Asus Xonar DG £27

24th Sep 2010 | 07:35

Asus Xonar DG

Is there still a case for dedicated sound cards?

TechRadar rating:

4.5 stars

Thought you didn't need an add-in sound card for games? Think again.

Like:

Cheap; Noticeable quality; Built-in headphone amp

Dislike:

No PCI-E

Asus Xonar DG: Overview and Benchmarks

Asus has established itself as a player in the high rollers' hi-fi lounge with Xonar soundcards like the Xense, D2 and mighty Essence ST. Although still relatively new to the audio game, it can look old timers like Creative and Auzentech in the face without shame.

Asus' latest card, the Xonar DG, features some of the same components as appear on its more expensive boards, just not in such great quantity. It's specifically aimed at gamers rather than music buffs, though, with basic outputs for 5.1 PC speakers and – crucially – an on-board headphone amp.

It's a tough job to convince anyone to upgrade from on-board audio, for the very good reason that most integrated sound chips are good enough for the majority's needs. Having made the decision to upgrade, should you be looking at something a little grander?

We've used Rightmark's Audio Analyzer tool to give a top level breakdown of the card's performance. It's worth pointing out that this simply measuring variations in tones via a loopback from the speaker to the mic channel – effectively the card is listening to itself.

RMAA total harmonic distortion 24-bit/48KHz (lower is better)
Intel on board: 0.131%
Creative X-Fi Titanium HD: 0.0020%
ASUS Xonar Xense: 0.0004%
ASUS DG: 0.0027%

RMAA Dynamic range 24-bit/48KHz (higher is better)
Intel on board: 90.4dBA
Creative X-Fi Titanium HD: 113.2dBA
ASUS Xonar Xense: 115.0dBA
ASUS Xonar DG: 103.3dBA

Noise level 24-bit/48KHz (lower is better)
Intel on board: -90.4
Creative X-Fi Titanium HD: -113.4dBa
ASUS Xonar Xense: -116.1dBA
ASUS Xonar HD: -103/4dBa

Asus Xonar DG: Verdict

The Xonar DG gets as close to its claimed stats as any card we've tested in the Rightmark tests, which is a good start. Subjectively, it also delivers on its promise of outperforming on-board audio by a long way. The headphone amp in particular, which can be tuned for high impedance headsets up to 150ohms is an exceptionally good touch at this price.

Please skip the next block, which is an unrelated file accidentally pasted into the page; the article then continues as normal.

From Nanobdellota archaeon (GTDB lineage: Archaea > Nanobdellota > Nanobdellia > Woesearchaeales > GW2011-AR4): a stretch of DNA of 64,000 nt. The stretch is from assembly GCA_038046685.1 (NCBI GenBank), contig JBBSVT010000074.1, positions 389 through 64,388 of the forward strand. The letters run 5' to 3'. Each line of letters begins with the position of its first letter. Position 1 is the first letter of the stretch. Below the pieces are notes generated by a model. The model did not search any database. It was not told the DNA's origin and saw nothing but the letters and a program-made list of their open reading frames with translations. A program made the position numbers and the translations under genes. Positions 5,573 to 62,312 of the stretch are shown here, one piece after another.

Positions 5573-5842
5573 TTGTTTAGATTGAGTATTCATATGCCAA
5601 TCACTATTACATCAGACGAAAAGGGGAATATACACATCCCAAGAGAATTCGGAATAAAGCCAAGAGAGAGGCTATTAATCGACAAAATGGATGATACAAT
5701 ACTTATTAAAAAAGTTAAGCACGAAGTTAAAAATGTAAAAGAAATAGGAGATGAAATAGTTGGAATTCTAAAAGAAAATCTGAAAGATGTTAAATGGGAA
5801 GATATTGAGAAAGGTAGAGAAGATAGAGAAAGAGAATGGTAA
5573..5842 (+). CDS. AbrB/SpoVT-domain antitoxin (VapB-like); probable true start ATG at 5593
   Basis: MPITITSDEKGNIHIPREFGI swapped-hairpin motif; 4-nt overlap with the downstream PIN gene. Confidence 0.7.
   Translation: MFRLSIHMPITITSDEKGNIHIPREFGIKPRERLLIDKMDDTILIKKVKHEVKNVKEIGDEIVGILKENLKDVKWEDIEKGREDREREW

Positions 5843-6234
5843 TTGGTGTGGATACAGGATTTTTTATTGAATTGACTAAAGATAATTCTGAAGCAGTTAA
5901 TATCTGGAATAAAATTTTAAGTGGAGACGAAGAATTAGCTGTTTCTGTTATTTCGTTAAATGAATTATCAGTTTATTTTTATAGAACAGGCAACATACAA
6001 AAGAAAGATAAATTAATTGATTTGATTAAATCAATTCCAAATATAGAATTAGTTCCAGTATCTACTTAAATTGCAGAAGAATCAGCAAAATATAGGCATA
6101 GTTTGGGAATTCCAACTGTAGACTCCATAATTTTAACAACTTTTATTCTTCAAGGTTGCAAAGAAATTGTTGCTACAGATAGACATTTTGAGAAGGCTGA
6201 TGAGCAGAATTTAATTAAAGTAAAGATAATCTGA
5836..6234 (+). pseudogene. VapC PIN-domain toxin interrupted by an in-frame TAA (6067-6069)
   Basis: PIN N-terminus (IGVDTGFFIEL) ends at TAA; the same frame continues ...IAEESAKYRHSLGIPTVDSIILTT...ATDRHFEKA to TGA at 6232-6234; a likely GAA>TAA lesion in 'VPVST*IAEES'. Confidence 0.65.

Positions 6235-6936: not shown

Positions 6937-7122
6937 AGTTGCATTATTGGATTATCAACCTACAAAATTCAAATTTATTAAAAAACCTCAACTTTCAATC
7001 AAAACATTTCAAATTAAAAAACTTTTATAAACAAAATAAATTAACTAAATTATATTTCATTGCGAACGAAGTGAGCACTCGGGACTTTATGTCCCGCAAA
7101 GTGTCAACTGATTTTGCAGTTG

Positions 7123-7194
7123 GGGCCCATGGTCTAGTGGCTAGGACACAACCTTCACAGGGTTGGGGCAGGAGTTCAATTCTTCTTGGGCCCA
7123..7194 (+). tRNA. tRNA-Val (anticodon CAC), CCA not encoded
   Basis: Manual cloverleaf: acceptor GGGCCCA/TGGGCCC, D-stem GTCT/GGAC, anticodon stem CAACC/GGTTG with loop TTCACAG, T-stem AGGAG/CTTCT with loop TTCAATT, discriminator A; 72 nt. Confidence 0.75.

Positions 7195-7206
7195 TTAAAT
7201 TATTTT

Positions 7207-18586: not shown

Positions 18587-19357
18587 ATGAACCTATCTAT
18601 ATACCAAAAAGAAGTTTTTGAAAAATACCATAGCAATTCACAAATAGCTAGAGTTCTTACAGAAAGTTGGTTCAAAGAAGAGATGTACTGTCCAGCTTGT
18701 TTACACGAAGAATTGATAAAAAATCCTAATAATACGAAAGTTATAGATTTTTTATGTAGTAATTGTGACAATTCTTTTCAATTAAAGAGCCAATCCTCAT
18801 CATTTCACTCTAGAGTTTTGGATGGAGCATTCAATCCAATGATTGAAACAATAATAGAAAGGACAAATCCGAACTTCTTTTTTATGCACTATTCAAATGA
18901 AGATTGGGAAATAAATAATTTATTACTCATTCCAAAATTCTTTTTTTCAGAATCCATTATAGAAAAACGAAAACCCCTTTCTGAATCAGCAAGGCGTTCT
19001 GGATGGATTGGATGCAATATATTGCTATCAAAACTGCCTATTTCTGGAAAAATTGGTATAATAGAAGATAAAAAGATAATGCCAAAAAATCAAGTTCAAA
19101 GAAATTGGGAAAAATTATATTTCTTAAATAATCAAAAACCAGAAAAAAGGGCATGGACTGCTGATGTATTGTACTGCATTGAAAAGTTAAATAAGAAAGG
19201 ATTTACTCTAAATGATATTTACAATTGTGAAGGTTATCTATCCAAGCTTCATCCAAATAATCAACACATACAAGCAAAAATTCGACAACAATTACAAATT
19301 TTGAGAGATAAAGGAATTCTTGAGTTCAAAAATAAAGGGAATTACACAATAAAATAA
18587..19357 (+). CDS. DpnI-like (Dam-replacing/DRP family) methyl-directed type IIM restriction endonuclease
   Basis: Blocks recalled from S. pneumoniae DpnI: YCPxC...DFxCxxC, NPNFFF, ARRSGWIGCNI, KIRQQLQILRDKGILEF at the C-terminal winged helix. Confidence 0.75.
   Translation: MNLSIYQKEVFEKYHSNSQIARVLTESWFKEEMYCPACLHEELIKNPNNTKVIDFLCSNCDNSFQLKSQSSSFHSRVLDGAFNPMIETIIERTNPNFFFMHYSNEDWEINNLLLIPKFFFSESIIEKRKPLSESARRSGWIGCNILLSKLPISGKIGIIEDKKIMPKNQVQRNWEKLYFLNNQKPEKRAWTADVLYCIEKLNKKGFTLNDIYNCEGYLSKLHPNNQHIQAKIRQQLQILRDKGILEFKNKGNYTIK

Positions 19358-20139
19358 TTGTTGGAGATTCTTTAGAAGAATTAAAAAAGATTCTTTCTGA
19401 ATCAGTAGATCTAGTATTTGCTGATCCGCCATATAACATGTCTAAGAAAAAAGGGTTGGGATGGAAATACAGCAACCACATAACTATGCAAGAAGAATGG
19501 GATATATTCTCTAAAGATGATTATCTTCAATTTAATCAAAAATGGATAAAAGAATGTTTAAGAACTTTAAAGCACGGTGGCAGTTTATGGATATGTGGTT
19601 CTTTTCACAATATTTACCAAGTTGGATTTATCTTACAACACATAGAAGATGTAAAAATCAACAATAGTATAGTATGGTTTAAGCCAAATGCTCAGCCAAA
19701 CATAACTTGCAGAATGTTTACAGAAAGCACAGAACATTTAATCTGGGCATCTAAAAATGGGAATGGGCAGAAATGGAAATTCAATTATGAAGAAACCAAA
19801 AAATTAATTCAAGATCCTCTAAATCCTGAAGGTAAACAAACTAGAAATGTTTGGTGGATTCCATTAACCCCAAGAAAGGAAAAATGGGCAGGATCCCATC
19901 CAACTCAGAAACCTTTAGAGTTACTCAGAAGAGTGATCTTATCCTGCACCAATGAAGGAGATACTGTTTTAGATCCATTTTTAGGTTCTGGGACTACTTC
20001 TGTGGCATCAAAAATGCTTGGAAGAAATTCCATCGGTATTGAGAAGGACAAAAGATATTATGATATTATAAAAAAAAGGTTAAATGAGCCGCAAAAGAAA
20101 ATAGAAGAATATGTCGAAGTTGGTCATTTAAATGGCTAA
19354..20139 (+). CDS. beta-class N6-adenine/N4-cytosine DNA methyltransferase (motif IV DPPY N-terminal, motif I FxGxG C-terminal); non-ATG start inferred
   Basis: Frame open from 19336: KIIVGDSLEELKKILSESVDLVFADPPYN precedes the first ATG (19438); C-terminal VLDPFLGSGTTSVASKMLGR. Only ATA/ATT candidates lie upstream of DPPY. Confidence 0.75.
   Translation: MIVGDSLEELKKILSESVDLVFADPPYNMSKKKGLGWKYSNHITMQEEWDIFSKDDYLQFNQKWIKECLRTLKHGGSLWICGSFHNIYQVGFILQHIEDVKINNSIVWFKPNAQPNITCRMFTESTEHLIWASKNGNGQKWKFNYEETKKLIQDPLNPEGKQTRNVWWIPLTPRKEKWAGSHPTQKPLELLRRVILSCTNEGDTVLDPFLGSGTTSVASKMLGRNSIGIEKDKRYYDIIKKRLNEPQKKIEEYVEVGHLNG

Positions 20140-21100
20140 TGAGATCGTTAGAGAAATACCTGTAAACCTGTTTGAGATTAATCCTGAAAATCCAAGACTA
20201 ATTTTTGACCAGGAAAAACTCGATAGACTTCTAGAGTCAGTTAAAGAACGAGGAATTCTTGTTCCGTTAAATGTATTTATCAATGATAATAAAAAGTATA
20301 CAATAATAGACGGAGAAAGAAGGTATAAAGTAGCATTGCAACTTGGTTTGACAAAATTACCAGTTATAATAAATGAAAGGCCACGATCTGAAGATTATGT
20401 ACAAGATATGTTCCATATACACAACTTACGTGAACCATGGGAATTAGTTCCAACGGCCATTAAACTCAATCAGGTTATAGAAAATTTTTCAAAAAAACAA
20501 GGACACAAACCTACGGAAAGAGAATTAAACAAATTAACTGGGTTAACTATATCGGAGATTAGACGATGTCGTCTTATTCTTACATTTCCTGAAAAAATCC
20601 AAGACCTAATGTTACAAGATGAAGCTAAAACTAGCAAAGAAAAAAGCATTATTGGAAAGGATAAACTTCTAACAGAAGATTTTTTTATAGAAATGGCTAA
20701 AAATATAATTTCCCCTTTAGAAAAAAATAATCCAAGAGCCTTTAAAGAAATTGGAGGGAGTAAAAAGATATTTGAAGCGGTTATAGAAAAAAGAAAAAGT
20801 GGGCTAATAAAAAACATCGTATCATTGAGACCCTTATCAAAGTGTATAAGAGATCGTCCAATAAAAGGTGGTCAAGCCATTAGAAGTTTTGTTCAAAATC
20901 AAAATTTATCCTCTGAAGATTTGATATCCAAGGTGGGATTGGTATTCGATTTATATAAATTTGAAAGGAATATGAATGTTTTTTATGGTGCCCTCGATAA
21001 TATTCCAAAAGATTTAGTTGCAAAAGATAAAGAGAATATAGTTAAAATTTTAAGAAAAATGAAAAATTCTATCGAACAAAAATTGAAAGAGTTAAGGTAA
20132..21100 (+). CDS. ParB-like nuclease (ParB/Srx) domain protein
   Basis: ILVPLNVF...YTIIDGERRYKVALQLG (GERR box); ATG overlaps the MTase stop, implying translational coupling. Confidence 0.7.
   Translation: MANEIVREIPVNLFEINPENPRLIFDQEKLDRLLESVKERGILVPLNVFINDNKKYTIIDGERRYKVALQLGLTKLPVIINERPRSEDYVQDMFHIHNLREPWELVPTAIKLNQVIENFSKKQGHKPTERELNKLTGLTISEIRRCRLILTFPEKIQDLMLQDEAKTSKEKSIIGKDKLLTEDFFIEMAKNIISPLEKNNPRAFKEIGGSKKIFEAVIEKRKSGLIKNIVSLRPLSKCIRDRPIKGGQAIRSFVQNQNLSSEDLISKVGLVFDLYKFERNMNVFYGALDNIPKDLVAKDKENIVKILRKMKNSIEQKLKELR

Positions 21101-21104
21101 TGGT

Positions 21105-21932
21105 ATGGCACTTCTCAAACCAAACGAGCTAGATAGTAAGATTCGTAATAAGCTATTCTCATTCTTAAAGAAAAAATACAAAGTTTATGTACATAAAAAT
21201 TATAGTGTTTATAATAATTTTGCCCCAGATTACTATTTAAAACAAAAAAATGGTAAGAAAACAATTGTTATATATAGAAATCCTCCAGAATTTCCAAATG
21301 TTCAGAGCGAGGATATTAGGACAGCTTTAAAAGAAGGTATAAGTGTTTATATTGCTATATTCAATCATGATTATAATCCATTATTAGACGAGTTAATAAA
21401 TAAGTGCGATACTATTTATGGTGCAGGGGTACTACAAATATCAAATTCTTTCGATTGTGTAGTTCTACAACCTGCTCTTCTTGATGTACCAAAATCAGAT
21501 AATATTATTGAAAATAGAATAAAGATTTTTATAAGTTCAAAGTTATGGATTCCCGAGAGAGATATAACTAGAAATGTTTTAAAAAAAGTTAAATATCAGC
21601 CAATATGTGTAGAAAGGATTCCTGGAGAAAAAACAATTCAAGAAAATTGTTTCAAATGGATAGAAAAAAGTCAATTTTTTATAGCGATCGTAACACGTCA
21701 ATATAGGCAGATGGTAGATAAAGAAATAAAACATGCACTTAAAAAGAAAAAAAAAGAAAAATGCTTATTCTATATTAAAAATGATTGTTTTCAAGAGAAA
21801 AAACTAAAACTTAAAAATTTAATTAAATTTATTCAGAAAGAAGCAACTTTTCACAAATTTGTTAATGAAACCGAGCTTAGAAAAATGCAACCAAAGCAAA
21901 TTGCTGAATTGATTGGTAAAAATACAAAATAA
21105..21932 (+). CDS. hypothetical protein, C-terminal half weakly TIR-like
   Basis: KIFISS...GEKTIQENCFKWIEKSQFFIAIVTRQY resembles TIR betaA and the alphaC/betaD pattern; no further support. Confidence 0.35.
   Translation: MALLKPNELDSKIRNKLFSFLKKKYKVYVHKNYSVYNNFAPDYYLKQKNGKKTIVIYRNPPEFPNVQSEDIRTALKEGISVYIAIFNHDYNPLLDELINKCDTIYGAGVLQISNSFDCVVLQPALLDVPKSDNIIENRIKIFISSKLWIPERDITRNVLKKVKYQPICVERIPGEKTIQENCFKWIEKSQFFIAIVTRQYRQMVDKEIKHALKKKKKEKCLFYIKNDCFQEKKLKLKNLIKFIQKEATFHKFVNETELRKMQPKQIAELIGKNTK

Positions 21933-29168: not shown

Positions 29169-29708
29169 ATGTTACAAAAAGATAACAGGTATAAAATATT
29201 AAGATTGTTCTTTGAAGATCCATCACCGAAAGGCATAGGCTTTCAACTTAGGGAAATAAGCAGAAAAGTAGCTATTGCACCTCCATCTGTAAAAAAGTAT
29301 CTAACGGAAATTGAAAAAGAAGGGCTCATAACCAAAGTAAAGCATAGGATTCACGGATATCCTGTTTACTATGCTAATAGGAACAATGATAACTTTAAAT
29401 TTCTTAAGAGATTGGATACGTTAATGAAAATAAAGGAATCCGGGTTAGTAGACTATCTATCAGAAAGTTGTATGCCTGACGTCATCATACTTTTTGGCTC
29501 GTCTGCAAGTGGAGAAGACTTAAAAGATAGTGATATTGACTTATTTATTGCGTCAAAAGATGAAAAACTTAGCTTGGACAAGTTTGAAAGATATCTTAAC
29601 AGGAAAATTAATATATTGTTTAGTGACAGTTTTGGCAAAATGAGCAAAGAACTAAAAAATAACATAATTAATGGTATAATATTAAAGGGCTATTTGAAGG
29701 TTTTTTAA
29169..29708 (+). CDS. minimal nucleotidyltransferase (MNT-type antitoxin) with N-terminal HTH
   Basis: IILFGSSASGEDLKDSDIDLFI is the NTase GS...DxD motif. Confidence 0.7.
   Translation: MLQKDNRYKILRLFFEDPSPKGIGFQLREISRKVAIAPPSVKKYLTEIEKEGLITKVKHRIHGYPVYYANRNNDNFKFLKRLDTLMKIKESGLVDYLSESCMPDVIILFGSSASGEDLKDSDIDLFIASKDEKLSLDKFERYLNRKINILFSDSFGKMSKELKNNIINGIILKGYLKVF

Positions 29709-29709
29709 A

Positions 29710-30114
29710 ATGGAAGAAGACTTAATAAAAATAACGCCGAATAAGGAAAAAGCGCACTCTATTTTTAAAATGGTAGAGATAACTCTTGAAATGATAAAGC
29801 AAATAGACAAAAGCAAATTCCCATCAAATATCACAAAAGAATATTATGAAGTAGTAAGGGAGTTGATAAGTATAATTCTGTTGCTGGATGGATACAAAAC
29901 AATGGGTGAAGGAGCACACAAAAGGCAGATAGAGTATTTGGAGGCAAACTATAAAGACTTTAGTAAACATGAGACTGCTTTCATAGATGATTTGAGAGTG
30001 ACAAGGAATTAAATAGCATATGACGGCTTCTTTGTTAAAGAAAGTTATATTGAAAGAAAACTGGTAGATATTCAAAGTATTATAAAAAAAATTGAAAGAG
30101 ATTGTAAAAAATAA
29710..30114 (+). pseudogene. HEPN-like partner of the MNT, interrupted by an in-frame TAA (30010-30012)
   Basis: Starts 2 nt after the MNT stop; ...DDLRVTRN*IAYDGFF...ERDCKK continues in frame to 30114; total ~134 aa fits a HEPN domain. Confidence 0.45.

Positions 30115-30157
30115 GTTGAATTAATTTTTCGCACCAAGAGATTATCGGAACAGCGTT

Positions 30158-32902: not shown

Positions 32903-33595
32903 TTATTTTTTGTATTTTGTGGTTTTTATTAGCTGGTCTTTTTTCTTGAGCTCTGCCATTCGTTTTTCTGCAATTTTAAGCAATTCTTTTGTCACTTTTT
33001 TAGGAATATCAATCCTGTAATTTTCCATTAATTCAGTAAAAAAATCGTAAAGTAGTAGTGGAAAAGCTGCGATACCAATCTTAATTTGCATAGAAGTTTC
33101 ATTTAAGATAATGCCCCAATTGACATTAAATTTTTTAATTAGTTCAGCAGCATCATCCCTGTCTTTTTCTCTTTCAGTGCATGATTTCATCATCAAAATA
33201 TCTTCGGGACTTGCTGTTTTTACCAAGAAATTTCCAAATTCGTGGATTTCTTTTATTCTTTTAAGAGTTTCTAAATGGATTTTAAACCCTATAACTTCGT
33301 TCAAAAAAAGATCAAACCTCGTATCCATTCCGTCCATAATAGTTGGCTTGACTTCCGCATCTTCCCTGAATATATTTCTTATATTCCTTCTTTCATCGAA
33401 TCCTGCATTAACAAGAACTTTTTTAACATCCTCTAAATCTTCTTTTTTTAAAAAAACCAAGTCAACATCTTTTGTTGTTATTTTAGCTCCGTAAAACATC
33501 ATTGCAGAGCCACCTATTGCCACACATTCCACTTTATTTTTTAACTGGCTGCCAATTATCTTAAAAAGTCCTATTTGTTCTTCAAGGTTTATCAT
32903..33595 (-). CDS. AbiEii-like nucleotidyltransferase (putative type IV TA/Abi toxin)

If you game through headphones, this is well worth the upgrade, with a powerful bass blast that doesn't drown out more subtle midtones and high range effects. For this alone, we'd choose the DG over the slightly more expensive Creative X-Fi Xtreme.

Even better, the DG also supports Creative's EAX 5.0 effects via Asus' GX2.5 driver. The driver interface, by the way, is identical to that found in Asus' other Xonar cards.

Outside of gaming, it's not a card that will please audio purists, since it doesn't have the power or connections to drive high end gear. For the rest of us, though, the improvement over on-board sound is appreciable and worth it.

Except for one thing - we had to re-install the drivers several times to eliminate the introduction of some distortion into MP3 playback. It's not a terminal problem, but it is a little frustrating.

A PCI-E option for newer motherboards without older PCI ports would be useful too.

Still, these are faults that are easy to live with. The Xonar DG costs less than a new PC game, but adds a lot of long term enjoyment, and we challenge anyone to tell the difference between this and a sound card costing two or three times as much.

We liked

The Xonar DG an appreciable upgrade from on-board sound for less than £30, and the dedicated headphone amp drives a lot of extra power into your cans without destroying fidelity. It's a simple and cheap way to make games a little more enjoyable.

We disliked

If you've got a newish PC then you may find the PCI port completely incompatible, and you'll want something better if you regularly hook your PC up to a hi-fi for movies or concert hall music.

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